Monday, July 20, 2015

Potato Salad with Garlic Scapes, Snap Peas and Scallions

Garlic Scapes make
their appearance once
a year. 
There are cooks who wait all year to work with Garlic Scapes, the flower bud of the garlic plant.  The bud is removed about this time every year to encourage the underground bulb to thicken up.  They taste like garlic and can be used in any recipe calling for the ‘stinking rose’.  That is what garlic has been called since Greek and Roman times.  The reason for the ‘stinking’ part is all too obvious.  But why the rose?  The plant is actually an allium which is part of the Liliaceae or lily family.  So where does the name come from?  One possibility is that if you look at garlic from underneath, the bulb does have a slight resemblance to a white rose with the large ends of the cloves forming its petals.   It seems to me that that’s a bit of stretch, but it doesn’t take away garlic’s unique contribution to cooking.  And this potato salad is a tribute to the relatively mild garlic flavor of the scapes and how they enhance the sweetness of the other key ingredients: potatoes and snow peas.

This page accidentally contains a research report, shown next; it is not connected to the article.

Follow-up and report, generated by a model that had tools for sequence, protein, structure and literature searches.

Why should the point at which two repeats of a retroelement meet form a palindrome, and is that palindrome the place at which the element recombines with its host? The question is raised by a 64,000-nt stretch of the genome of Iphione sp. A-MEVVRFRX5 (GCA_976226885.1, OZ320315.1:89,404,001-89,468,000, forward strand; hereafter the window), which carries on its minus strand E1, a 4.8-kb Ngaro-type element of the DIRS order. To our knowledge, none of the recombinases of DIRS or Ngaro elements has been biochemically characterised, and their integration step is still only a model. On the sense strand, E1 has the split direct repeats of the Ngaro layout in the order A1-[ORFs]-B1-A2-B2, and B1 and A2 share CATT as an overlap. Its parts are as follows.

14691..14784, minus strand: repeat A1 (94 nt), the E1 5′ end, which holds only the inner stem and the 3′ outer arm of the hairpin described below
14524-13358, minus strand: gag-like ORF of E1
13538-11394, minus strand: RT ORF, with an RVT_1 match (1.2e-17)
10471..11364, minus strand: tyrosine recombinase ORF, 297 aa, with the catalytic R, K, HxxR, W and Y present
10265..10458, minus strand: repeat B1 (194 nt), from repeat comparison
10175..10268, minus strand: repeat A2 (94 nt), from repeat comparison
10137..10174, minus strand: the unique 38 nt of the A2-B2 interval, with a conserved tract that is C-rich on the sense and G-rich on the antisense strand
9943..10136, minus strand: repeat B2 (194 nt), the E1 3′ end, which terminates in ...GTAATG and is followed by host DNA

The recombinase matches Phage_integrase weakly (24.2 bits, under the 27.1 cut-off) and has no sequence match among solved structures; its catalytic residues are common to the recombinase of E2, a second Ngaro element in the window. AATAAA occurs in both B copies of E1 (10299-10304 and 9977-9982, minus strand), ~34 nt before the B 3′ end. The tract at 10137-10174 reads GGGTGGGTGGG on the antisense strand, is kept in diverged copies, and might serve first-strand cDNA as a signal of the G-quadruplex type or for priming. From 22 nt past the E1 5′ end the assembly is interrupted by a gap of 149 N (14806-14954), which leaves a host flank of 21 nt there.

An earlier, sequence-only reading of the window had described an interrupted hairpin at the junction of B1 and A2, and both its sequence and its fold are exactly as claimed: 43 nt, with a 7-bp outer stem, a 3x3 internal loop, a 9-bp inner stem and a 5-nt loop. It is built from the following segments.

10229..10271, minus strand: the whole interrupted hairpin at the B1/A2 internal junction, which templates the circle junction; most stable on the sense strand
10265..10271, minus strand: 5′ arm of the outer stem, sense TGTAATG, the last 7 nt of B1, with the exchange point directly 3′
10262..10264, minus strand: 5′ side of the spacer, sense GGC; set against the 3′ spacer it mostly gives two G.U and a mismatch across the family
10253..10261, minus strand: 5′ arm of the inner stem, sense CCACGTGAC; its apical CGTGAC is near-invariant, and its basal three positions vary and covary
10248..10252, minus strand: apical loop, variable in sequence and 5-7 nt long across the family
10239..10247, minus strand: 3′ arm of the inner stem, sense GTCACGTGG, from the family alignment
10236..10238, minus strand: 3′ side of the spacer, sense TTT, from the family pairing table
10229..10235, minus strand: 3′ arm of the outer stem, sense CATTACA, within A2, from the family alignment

Thursday, July 16, 2015

Hot or Cold Corn and Snap Pea Salad

The Comfort Family Farm Stand on Lumber Lane,
Bridgehampton NY

As much as I love sweet corn and as much as I’ll eat of it between now and the first frost, I am no fan of corn on the cob. I find it inelegant to eat, to say the very least.  Better by far is to take it off the cob. Combine with it some red pepper, red onion and butter and you end up with Ina Garten’s fantastic confetti corn which is the first thing I make when the first fresh corn hits the farm stand. (See .  This year, at the Comfort Family farm stand down the hill from us, not only was there glorious early corn but sitting next to it were quarts of snap peas.  I brought them both home and breathed new life into Ina’s Confetti corn recipe.  And the biggest change was it was just as good cold as it was warm.